Wednesday, January 18, 2012

Problems with the Girl with the Dragon Tattoo

I'll begin by saying that the American Girl with the Dragon Tattoo was quite watchable and, at times, even enjoyable. However, the story is ultimately hollow due to one giant problem: female trouble (or, rather, men having problems with powerful women). Here are my top 5 issues with the film:

1. Marketing. We all know that marketing has the ability to make or break a movie, and the edgy trailers and promo stills of this film certainly drummed up some hype. The problem here is that the marketing screamed, "Look at this sexy girl! She wants to fuck you and be your girlfriend!" Case in point: this image from a promotional spread in W Magazine features a fragile, topless Rooney Mara (Lisbeth Salander) against a frigid Swedish backdrop:

Many more promotional images depicted Salander as a sexual object in various states of undress: straddling a motorcycle without wearing pants, getting a tattoo on her ass, standing topless (with exposed nipple ring) while being embraced by a fully clothed Mikael Blomkvist, and so on. The marketing message is clear: sex. This completely undermines the updated detective story in favor of the less significant romantic/sexual aspects.

2. Salander's submissive role. From the beginning of the film, Salander is visually coded as being tough: she has tattoos (obviously), multiple piercings, defensive body posturing, oversized clothing, and a guardedly blank facial expression. These act as her armor, and her motorcycle is her horse. She is fiercely independent and goes to great lengths to protect herself -- except that this protection is completely undermined by the camera. Shots linger on the curves of her rear and her breasts, but they fly past the violent bruises and cuts of her rape. Ironically, chronically shirtless Daniel Craig remains mostly bundled against the Swedish chill.

Indeed, it is Salander's relationship with Blomkvist that softens her to the point of submission. This is evidenced by their first romantic tryst: Salander initiates the sexual act, but Blomkvist quickly flips her over and assumes the dominant position. The next morning, he awakens to her watching him, gazing with admiration and intimate submission. Further (and this is a big spoiler), when Salander saves Blomkvist from serial killer Martin Vanger, she does not simply chase Vanger or declare that she will kill him -- she asks permission from Blomkvist. Why would any hero ask permission to protect countless women from torture, sexual assault, and brutal murder? This particular point ruffled my feathers, so I decided to search the original text. Unsurprisingly, the textual Salander doesn't ask permission of anyone -- ever.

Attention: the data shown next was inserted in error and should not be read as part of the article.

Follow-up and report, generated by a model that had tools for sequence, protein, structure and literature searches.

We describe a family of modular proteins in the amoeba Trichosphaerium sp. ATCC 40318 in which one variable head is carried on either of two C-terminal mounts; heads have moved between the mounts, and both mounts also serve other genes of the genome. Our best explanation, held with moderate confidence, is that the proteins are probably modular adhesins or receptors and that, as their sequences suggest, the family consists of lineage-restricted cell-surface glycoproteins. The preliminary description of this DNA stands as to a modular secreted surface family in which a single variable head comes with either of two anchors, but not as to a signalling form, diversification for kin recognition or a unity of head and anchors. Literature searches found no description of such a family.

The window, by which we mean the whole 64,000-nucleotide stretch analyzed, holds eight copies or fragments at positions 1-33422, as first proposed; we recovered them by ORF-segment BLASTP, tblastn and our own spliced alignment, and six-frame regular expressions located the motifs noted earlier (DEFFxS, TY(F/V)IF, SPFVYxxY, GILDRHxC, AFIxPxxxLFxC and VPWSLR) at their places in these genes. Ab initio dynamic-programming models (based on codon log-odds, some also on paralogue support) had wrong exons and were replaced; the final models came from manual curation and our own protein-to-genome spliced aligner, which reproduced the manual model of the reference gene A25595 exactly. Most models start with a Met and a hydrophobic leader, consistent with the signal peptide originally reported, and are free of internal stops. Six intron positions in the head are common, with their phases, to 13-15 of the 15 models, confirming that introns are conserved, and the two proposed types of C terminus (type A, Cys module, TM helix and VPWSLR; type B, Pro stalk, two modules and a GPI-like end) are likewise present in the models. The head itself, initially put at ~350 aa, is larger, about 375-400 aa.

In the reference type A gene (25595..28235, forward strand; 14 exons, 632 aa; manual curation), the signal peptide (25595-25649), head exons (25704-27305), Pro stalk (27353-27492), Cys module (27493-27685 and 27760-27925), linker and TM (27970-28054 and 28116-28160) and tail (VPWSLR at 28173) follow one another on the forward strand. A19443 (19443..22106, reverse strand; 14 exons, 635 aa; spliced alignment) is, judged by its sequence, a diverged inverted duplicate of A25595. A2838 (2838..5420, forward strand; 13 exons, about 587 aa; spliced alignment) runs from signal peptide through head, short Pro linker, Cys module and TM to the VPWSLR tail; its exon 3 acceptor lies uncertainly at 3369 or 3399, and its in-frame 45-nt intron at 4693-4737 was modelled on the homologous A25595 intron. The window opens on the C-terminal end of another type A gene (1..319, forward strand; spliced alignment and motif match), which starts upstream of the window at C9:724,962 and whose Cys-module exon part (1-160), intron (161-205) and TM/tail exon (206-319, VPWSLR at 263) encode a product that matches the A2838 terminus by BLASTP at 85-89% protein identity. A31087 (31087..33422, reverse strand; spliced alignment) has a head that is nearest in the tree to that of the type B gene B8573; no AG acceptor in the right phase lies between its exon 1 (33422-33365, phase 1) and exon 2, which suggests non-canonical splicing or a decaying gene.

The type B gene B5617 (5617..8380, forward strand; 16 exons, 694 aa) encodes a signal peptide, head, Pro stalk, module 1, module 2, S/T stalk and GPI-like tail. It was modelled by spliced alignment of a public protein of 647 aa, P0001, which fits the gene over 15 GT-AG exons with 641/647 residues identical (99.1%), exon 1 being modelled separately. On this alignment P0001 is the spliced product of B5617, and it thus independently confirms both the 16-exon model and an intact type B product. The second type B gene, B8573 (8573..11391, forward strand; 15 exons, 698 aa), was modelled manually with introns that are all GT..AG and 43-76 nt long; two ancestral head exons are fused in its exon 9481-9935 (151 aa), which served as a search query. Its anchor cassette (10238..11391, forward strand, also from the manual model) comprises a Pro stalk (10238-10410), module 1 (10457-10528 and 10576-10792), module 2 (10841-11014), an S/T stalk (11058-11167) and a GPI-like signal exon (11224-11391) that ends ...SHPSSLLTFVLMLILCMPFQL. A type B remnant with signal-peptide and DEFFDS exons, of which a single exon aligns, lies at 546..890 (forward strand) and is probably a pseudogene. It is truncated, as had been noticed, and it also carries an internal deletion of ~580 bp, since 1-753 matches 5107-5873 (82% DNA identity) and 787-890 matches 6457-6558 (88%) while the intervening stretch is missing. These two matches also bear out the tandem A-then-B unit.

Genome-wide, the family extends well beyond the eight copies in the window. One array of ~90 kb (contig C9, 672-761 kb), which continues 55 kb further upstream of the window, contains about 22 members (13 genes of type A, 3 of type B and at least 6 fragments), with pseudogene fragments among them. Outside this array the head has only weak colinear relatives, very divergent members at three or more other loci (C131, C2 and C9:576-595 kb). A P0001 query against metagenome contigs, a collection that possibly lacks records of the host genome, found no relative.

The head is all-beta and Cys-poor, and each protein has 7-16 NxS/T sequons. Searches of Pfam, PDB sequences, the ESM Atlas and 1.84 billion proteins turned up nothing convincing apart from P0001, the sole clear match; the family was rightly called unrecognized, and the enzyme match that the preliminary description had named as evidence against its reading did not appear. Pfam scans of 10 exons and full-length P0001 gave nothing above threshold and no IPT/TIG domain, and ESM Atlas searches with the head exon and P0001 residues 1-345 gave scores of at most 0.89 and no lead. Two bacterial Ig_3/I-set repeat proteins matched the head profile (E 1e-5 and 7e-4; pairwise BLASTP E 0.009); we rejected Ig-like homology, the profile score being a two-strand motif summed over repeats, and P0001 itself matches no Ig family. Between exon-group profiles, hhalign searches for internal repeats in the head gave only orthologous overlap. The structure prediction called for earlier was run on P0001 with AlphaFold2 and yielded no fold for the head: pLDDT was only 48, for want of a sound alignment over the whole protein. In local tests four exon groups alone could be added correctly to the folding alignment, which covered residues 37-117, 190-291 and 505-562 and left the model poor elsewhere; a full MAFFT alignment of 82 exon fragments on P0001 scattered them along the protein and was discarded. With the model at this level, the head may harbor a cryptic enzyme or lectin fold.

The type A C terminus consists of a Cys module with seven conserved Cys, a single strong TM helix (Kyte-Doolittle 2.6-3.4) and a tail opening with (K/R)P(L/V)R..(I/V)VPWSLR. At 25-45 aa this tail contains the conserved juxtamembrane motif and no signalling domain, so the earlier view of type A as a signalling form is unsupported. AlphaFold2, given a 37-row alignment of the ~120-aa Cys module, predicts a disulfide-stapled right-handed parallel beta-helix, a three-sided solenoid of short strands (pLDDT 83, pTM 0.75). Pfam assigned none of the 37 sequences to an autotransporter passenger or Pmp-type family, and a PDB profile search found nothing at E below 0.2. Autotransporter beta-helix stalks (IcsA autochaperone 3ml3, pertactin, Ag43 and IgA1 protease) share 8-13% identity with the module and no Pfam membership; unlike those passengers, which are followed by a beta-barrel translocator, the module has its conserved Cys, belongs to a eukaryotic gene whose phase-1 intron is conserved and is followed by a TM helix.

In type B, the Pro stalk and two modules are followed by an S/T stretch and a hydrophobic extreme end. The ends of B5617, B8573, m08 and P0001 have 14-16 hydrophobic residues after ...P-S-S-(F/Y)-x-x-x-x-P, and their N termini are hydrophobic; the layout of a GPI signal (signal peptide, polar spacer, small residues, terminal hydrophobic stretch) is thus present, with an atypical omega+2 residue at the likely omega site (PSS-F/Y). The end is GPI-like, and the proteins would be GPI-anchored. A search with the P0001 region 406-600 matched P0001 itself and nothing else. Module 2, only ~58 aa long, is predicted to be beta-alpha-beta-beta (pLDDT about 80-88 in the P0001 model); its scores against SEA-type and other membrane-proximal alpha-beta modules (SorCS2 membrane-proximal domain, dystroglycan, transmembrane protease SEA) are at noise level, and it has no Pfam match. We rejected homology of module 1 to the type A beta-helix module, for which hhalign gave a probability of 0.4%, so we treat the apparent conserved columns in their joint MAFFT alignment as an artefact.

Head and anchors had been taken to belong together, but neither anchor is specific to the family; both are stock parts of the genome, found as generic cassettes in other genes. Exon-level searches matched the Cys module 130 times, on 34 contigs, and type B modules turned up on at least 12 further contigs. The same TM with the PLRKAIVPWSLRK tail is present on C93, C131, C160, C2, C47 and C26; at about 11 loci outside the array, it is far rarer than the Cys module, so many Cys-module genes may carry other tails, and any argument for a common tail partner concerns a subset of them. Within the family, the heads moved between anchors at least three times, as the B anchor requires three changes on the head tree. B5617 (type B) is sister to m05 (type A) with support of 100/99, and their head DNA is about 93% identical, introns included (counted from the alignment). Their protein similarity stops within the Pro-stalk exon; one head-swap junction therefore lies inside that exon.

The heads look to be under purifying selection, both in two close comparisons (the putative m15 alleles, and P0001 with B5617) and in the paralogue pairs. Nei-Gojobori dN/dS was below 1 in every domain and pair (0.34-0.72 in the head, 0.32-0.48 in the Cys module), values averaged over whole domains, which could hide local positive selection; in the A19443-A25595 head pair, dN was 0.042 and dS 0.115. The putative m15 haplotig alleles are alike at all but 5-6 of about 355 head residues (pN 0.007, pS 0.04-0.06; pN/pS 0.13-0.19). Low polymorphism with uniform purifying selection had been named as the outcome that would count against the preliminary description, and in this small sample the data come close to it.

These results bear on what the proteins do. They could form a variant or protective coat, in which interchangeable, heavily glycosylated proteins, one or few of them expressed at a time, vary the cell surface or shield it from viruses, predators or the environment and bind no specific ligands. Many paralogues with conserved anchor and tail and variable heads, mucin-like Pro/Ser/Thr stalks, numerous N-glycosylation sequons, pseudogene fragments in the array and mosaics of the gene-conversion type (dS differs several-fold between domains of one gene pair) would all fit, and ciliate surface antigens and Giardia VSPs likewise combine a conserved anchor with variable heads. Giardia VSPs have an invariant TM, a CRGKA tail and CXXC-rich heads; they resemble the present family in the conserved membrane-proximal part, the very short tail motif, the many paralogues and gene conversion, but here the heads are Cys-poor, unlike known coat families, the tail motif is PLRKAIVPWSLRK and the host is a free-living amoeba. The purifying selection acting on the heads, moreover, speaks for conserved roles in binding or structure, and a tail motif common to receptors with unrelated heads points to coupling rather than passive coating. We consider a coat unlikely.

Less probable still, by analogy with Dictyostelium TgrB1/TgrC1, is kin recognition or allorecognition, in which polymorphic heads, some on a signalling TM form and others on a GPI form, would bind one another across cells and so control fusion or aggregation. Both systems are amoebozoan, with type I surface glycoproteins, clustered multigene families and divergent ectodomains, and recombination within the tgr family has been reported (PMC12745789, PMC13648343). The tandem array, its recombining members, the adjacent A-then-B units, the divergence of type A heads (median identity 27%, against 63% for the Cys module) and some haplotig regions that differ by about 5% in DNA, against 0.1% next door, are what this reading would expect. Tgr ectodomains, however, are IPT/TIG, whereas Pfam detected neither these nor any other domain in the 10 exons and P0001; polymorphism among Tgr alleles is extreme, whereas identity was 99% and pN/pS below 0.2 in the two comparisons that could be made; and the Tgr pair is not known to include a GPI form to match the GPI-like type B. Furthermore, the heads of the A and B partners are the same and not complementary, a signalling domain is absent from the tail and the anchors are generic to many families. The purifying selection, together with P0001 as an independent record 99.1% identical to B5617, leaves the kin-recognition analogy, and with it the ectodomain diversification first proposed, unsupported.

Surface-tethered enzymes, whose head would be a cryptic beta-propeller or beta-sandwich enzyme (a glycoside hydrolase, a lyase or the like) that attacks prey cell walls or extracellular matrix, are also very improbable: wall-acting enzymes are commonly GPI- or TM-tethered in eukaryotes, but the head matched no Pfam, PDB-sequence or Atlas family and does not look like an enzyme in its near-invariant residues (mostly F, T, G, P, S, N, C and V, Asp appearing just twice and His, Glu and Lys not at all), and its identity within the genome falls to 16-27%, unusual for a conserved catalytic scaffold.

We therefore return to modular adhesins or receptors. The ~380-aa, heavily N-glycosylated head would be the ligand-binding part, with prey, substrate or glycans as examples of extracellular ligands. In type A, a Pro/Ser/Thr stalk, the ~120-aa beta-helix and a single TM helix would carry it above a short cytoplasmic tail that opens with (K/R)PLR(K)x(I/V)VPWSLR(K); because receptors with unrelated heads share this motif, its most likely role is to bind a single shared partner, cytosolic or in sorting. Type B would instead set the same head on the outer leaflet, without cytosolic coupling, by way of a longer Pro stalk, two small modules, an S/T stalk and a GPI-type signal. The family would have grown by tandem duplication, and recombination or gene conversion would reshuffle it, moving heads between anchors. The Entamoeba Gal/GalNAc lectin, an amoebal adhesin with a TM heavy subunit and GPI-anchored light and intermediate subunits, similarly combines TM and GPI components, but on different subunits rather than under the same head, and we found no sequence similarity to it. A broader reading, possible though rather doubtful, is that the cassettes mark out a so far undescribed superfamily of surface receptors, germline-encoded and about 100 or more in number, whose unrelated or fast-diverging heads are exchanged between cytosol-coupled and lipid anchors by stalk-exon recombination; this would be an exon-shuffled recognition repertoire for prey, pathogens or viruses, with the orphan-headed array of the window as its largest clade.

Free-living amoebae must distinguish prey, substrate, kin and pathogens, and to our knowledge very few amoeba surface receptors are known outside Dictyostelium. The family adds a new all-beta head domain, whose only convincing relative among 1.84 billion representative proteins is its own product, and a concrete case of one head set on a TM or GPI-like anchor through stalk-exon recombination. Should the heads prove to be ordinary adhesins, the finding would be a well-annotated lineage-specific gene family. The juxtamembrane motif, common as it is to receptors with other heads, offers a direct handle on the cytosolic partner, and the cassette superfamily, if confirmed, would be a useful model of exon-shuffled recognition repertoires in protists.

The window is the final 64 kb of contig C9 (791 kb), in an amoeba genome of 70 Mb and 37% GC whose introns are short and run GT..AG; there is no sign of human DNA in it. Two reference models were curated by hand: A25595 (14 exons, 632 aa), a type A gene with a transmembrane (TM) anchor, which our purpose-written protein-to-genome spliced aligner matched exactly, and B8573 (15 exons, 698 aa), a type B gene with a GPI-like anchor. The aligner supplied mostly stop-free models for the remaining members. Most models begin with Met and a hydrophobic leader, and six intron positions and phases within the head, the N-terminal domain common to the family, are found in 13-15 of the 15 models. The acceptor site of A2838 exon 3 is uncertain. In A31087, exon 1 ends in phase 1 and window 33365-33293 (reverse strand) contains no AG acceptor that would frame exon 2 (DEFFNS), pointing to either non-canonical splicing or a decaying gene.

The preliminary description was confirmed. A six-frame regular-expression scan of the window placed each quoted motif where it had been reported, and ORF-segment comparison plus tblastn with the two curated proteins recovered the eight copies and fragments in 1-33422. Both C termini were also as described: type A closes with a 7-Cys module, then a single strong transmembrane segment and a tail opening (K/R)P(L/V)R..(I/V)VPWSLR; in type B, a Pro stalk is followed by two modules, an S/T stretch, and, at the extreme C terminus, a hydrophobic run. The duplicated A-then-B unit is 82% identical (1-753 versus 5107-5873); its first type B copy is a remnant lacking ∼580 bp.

3. Feminism. Actress Mara is quoted as saying, "I never thought of [Salander] as a feminist; I don't think she would characterize herself as that either." Director David Fincher agreed that Salander was not a feminist. Whether or not Salander considers herself one, she does view women as being equal to men -- the very definition of feminism. Why else would she protect other women from being preyed upon by not one but two rapists? This misconception of feminism by two key players caused the film to miss out on the large potential for female empowerment. Instead of fighting for women, Salander simply fights (with permission).

4. Lack of female power. Aside from Salander, there are two important adult women: Blomkvist's lover, Erika Berger, and the missing girl at the center of the mystery, Harriet Vanger. Berger is the editor of an important independent magazine, but Blomkvist's scandal threatens to take down her career with it. In the novel, her relationship with Blomkvist is portrayed as solid and permanent, while in the film she is relegated to a much more minor role. Harriet, too, does not rise to her ultimate potential. In the novel, she is ultimately offered the CEO position of her family's company. On film, her return is little more than a hug and a smile.

5. David Fincher. The director has a reputation for being meticulous, difficult, and moody. He worked his actors particularly hard for this film, and it definitely showed. His relationship with Mara, a relative newcomer, is definitely troubling. In Vogue's interview with the pair, Jonathan van Meter writes, "[Fincher] says with quiet seriousness, 'You can eat.' I look up to see her reaction. [... Mara] orders a piece of fish and barely touches it." It is this possessiveness over her appearance, her body that makes me uncomfortable. In a way, she has sunken into the same submissive role as her Salander, looking to her Blomkvist for guidance and approval.

Admittedly, I'm approaching this from a very pro-feminist perspective. I'd like to reiterate that I didn't dislike the film; it's just that I didn't particularly like it either. This entire trilogy had huge potential to promote the female hero, and so far Salander is just playing second fiddle. Time will tell if she comes into her own.

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